Thousand Oaks Shooter Reportedly Posted on Instagram During Attack

Ian Long, the suspected shooter who killed 12 people at a Thousand Oaks, California bar Wednesday [...]

Ian Long, the suspected shooter who killed 12 people at a Thousand Oaks, California bar Wednesday night, reportedly posted to social media during the attack, TMZ reports.

Law enforcement sources told the news outlet that the gunman held a handgun in one hand and his phone in the other, posting messages on his Instagram Story while he shot and killed 12 people dancing at Borderline Bar & Grill's "college country night."

Investigators reportedly discovered the messages on his profile several hours after the shooting and contacted Instagram to delete the page. The content of his posts is not known, although it could help authorities move closer to a motive, possibly of revenge.

(Photo: Facebook)

A former classmate told TMZ that Long was bullied in high school because of a lazy eye, which the outlet says "affected him deeply." The classmate added that many of the students who teased Long in high school frequented Borderline Bar & Grill on Wednesday nights.

Long was reportedly a regular at the bar who usually kept to himself. As previously reported, Long, who was found dead at the scene from a presumably self-inflicted gunshot wound, was a veteran of the Marines who served in Afghanistan from 2010 to 2011. His classmate said he suffered serious post traumatic stress disorder after his tour and sought help from therapists and doctors.

The 28-year-old lived with his mother in Thousand Oaks, and neighbors said they would hear loud, aggressive fights between the two. Authorities reportedly visited the home just once, in April, after a neighbor reported yelling and crashing sounds.

Ventura County Sheriff Geoff Dean said that deputies found that Long was "somewhat irate, acting a little irrationally" and called a mental health specialist, who concluded that Long couldn't be involuntarily committed for psychiatric observation.

"The mental health experts out there cleared him that day," Dean said on Thursday, reports The Telegraph. "Obviously he had something going on in his head that would cause him to do something like this."

Long's neighbor Richard Berge, who takes care of Long's mother's dogs, told Reuters that Long was "raving hell in the house, you know, kicking holes in the walls and stuff."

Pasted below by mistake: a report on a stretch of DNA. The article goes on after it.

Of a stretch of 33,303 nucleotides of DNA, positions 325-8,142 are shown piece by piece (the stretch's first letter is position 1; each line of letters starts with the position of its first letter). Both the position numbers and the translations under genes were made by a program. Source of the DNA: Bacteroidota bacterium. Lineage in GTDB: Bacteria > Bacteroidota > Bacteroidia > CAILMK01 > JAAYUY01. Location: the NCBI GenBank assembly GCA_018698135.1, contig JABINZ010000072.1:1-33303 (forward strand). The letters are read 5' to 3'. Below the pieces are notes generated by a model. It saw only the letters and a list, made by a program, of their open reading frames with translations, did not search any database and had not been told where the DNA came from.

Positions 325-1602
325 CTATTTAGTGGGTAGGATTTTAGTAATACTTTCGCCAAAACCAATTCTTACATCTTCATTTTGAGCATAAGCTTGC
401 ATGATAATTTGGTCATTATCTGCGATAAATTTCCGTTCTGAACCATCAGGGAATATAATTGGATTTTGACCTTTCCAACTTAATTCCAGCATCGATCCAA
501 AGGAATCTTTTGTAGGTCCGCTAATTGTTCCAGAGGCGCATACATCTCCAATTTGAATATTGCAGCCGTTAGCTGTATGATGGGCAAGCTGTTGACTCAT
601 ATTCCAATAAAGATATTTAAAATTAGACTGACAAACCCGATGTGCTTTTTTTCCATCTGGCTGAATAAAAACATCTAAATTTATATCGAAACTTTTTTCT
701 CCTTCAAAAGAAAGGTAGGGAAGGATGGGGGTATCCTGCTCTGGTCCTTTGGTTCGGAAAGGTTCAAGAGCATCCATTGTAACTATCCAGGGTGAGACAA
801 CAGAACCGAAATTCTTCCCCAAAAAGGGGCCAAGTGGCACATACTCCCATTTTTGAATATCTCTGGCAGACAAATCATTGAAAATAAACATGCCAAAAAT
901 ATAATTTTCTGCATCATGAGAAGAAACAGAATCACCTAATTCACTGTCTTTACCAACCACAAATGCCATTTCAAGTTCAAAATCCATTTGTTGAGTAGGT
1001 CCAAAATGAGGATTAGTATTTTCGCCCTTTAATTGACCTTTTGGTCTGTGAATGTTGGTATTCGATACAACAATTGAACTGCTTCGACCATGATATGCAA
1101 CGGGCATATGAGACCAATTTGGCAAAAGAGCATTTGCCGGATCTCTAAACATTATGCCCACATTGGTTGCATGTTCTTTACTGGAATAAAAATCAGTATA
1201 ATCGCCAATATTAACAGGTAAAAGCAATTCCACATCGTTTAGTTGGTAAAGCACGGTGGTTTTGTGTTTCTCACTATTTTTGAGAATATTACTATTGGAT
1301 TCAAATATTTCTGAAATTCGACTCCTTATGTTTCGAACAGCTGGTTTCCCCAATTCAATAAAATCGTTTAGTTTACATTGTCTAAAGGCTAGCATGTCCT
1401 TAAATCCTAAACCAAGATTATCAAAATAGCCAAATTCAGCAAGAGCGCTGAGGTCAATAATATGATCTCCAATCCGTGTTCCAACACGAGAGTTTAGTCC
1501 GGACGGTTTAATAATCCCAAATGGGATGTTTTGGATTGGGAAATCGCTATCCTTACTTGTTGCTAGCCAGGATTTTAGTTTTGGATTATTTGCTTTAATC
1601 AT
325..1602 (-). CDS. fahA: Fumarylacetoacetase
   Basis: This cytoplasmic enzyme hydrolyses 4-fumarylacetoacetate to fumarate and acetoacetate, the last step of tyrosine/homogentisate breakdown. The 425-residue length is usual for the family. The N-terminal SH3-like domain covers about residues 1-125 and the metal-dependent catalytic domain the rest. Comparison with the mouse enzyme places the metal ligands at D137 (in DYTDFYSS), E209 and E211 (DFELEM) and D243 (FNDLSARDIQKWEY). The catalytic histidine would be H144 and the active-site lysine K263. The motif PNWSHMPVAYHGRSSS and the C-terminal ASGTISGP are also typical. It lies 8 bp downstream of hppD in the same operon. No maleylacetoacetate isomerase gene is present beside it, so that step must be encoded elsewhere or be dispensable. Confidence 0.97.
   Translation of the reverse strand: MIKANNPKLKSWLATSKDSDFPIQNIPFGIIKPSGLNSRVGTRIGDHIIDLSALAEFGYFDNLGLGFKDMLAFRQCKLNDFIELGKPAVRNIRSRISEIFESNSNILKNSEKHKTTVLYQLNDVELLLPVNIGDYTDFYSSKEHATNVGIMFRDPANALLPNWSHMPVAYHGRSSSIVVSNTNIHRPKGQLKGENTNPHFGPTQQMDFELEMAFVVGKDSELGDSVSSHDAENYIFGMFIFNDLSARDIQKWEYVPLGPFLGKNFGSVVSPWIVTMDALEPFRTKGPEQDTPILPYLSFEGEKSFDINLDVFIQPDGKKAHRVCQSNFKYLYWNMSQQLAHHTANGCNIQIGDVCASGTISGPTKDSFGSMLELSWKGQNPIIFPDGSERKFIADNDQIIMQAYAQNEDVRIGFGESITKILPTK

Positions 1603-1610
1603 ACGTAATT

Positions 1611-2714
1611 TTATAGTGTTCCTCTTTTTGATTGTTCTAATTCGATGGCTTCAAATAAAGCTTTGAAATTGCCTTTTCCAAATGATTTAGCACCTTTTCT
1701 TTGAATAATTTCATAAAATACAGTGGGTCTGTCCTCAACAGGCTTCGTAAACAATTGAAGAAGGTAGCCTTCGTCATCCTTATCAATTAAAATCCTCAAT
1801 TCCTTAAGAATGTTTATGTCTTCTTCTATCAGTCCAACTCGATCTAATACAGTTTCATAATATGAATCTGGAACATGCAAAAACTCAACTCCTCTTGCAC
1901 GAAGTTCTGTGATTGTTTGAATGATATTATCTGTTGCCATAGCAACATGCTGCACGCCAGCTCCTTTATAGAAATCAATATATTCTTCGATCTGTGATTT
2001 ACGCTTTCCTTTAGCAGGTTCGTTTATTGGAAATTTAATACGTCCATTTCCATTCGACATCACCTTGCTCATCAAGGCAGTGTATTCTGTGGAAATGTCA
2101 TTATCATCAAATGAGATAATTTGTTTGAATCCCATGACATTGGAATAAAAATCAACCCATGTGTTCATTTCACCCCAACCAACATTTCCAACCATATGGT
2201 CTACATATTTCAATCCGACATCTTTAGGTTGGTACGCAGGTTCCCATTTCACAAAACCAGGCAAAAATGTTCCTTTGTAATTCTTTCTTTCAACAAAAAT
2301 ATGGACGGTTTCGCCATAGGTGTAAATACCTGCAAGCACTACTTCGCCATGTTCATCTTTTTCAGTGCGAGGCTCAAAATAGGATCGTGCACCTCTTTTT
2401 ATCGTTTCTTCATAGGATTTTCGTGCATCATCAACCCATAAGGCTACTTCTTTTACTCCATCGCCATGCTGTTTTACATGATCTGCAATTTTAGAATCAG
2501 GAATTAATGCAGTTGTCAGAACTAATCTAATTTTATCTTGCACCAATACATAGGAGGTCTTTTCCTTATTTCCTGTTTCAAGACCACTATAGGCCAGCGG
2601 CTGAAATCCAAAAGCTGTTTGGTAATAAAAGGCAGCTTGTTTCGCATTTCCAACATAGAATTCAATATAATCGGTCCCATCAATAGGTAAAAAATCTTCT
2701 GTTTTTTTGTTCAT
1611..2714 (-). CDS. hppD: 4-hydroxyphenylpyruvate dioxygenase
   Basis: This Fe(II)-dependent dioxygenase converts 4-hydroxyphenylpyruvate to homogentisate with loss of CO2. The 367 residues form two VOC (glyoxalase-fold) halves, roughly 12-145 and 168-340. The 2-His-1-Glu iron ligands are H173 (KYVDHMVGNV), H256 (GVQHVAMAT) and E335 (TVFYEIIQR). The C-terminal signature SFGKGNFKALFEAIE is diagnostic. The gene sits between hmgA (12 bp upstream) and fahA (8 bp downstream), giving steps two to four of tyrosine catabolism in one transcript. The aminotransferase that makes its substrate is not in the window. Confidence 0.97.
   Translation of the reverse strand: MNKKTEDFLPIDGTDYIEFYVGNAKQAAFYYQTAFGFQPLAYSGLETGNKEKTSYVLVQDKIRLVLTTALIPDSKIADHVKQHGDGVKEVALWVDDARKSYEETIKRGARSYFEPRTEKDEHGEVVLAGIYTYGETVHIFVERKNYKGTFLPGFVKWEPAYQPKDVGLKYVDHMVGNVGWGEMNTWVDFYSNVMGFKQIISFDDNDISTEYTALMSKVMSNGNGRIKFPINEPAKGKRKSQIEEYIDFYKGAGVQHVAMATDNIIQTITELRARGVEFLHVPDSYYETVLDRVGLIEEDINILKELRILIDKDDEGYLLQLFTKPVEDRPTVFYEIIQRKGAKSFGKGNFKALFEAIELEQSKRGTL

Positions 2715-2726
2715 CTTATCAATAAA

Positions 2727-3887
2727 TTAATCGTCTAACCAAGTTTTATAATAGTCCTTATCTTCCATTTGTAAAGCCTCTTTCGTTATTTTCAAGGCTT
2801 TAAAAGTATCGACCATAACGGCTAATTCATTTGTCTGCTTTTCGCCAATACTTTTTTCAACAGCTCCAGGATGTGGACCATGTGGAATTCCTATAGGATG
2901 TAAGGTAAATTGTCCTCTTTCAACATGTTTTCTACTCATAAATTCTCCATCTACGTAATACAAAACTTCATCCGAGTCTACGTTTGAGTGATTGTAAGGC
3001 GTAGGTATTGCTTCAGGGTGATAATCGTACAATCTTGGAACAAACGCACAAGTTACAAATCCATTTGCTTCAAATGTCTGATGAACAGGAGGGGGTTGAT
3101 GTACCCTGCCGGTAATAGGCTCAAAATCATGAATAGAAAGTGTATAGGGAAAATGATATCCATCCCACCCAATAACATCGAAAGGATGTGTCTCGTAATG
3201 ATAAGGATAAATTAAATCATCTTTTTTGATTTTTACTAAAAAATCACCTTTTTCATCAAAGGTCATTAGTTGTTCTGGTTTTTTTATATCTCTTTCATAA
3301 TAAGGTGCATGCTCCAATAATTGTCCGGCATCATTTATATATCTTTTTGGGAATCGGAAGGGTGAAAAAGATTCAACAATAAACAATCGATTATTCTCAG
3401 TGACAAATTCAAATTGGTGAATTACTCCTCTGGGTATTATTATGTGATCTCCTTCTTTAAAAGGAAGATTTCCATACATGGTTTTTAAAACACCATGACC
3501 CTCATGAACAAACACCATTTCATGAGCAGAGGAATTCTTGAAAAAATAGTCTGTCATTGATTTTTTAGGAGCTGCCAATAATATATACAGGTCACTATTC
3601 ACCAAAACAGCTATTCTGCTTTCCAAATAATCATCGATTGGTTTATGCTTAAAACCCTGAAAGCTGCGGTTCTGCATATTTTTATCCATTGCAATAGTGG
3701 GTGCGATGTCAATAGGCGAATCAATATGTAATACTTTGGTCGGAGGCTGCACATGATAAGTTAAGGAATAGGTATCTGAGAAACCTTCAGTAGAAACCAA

"They couldn't get him to come out, so it was like a standoff for four or five hours," he said of the April incident.

Long enlisted in the Marines at 18 and was married at 19 in Honolulu in June 2009, according to military and court records. His military service lasted nearly five years and was honorably discharged with the rank of corporal in 2013, according to the Pentagon. His marriage disintegrated during his service, with he and his wife separating in June 2011 while he was on a seven-month tour in Afghanistan. In divorce papers filed in 2013, two months after Long left the Marines, the couple cited irreconcilable differences.

In addition to the 12 fatally shot at Borderline Bar & Grill, a total of 25 other people were injured.

Police have given no updates as to Long's possible motive, although Dean said "there is no connection as of yet" linking the attack to terrorism.

Among the 12 victims are Ventura County Sheriff's Deputy Ron Helus, a 29-year veteran of the force who was the first to arrive on the scene, as well as actress Tamera Mowry-Housley's niece, 18-year-old Pepperdine student Alaina Housley.

"Our hearts are broken. We just learned that our niece Alaina was one of the victims of last night's shooting at Borderline bar in Thousand Oaks," Mowry-Housley and her husband stated via their joint representative in a statement to USA Today. "Alaina was an incredible young woman with so much life ahead of her and we are devastated that her life was cut short in this manner. We thank everyone for your prayers and ask for privacy at this time."

Dean held back tears as he commemorated Helus, who he said planned on retiring in the coming year. "Ron was a hardworking, dedicated sheriff's sergeant who was totally committed," he said. "And tonight, as I told his wife, he died a hero because he went into save lives."